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Posts Tagged ‘historic film and video’

The Forest History Society is excited to announce that we’re developing a new documentary film. First in Forestry: Carl Schenck and the Biltmore Forest School will be the first documentary film to examine the pivotal role that the Biltmore Estate’s chief forester Carl Schenck and America’s first school of forestry played in American conservation history. It’ll be made in collaboration with UNC-TV and the Cradle of Forestry Interpretive Association for airing on PBS stations in North Carolina and possibly around the country.

Carl Schenck in woods (FHS473)Why Schenck and the Biltmore Forest School? Established in 1898 by Schenck, it was the first forestry school in North America. Its 300-plus graduates were part of the first generation of foresters in America, many of whom became leaders in the conservation movement. And the Biltmore’s forests are the site of the first large-scale forest management effort in the United States, as well as the first land purchased under the Weeks Act. But even though the school and Schenck’s contributions to American forestry were considered important enough that the school’s buildings and grounds were preserved as the Cradle of Forestry in America National Historic Site a half-century ago, no documentary film exists about him or the school. Schenck tends to be overshadowed by his contemporaries Gifford Pinchot, Teddy Roosevelt, and John Muir in forestry and conservation history—all subjects of documentary films.

Afraid that this will be a bone-dry, march-through-time history lesson? Fear not! At the heart of any good film is tension and drama, and the history of the Biltmore Forest School and its larger-than-life founder is a story spilling over with both. Think of it as forest history’s Downton Abbey. After all, it’s the height of the Victorian Era and Carl Schenck worked for one of the wealthiest men in the country at the largest private home ever built in the U.S. How’s that for a dramatic setting. Not dramatic enough? How about: He worked at a place built by robber baron money. No? Schenck was a hotheaded forester who didn’t shy away from a fight: He argued with Teddy Roosevelt over the future of America’s forests and he so angered Gifford Pinchot that Pinchot denounced him as an antichrist! Got your attention yet? When Schenck’s boss lied to him, Schenck punched him out and got fired! Soon thereafter, World War I broke out and Schenck found himself in the German army fighting against some of his former American students!

Biltmore Estate (FHS258)

So, you ask, when can I see this epic forest history documentary? That’s where you come in. We could trade on our good looks and charm to get this made, but, frankly, that won’t get us past the opening credits. So to help kickstart our fundraising for the documentary film, we’re excited to announce another first: Yours truly, The Mad B-Logger, aka, historian Jamie Lewis, has volunteered to run the inaugural From the Cradle to the Grave 30K Trail Race on May 18, 2013, and then the next day run the Biltmore Estate 15K—a total of 45 kilometers. I’m calling this effort “The Dash for the ‘Stache” in honor of Carl Schenck’s famous mustache. You can follow my training efforts on Twitter.

dash for the stacheEach of these races takes place on the land where Carl Schenck worked and made history. We’re suggesting a minimum donation of $45—that’s a dollar for every kilometer I run—with all proceeds going to the production of the film. Of course, any donation is welcome and appreciated. But why not get a little something for your money? To become a supporter of the film, visit our Donation page. As a thank-you for giving at certain levels, we’ve established a few incentives. We have a donor who has pledged to match every dollar donated at a 1:1 ratio, so the more you give, the sooner we can begin production of First in Forestry: Carl Schenck and the Biltmore Forest School. So please tell your friends and help spread the word.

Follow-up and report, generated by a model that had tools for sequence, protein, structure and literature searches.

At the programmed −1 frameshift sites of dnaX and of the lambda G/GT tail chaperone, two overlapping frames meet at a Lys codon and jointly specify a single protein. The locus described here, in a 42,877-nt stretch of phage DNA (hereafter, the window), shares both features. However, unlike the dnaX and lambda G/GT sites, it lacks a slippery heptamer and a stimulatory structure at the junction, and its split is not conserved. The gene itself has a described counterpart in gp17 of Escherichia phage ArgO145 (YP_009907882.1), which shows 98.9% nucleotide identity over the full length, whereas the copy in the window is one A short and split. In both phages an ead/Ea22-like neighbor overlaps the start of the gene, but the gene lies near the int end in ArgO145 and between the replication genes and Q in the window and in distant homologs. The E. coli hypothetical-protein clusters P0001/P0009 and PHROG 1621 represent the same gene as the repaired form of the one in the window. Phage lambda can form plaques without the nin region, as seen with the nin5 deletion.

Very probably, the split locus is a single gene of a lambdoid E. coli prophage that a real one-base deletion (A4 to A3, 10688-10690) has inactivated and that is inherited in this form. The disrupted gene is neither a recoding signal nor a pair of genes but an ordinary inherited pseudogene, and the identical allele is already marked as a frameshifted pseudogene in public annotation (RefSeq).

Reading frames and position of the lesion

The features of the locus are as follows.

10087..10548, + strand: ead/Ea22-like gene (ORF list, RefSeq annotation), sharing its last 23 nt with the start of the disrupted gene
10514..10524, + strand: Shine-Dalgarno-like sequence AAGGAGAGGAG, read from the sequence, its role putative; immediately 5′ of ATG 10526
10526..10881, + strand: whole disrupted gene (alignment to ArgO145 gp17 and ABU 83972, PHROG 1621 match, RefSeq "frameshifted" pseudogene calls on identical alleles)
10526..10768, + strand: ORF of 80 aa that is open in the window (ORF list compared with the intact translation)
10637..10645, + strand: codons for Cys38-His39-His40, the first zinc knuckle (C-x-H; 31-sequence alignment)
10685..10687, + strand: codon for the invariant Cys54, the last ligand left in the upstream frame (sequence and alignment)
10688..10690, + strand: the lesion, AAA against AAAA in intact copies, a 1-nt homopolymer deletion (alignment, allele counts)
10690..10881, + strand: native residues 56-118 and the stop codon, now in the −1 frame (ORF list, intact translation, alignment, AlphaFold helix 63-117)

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Today marks the 30th anniversary of the release of “E.T.: The Extra-Terrestrial,” Steven Spielberg’s beloved film about an alien visitor who befriends a young boy; it’s also the film that gave us the catch phrase “Phone home.” As faithful readers of this blog know, we love films from the ’80s nearly as much as forest-themed films. Because “E.T.” was such a hit, naturally talk soon thereafter began about making a sequel. It’s recently come out that Spielberg’s sequel idea had evil ETs coming to Earth and capturing Elliot, then holding and torturing him for information about his friend, who is their nemesis. There was also discussion of a sequel to the novelized version of the film in which E.T. communicated with Elliot through brain wave messages.

Fortunately, a sequel never happened. And I know why. It’s because those two ideas don’t work independently. In my sequel, I combine elements of both. It’s 20 years later and Elliot, who lived near the woods where E.T. originally had landed, has grown up to become a logger. E.T. senses that Elliot’s unhappiness and loneliness is growing worse because Elliot misses E.T. but keeps trying to forget him. That time with E.T. is proving to be the highlight of his life. We see requisite scenes of Elliot in misery: his wife leaves him for an anti-logging protester, he’s about to get fired, he flips through a scrap book with clippings of The Big Adventure, he drinks too much.

So instead of brain wave messages, E.T. begins communicating with Elliot by leaving messages in the trees his human friend cuts for a living. Given that E.T. was a botanist collecting samples when his team was scared off and left him behind, it seems only natural that he communicate through this medium. The first message is delivered the day Elliot is fired. The simple reminder of Elliot’s little friend—his face on a disc cut from a log—goes unseen by Elliot and is accidentally sold to a customer who then shows it off to the local news. Elliot sees the disc on TV, but so do the government agents who had tried to capture E.T. when he first visited. They take Elliot into custody and begin interrogating and torturing him for information. E.T. comes back and helps him escape, then hijinks and chases ensue, and his wife reunites with him. Fast-forward to the end, and the agents who were holding guns as E.T. and a young Elliot and his friends flew overhead on bikes are now protesters holding axes as E.T., Elliot, and his fellow loggers roar past them in logging trucks. Roll credits.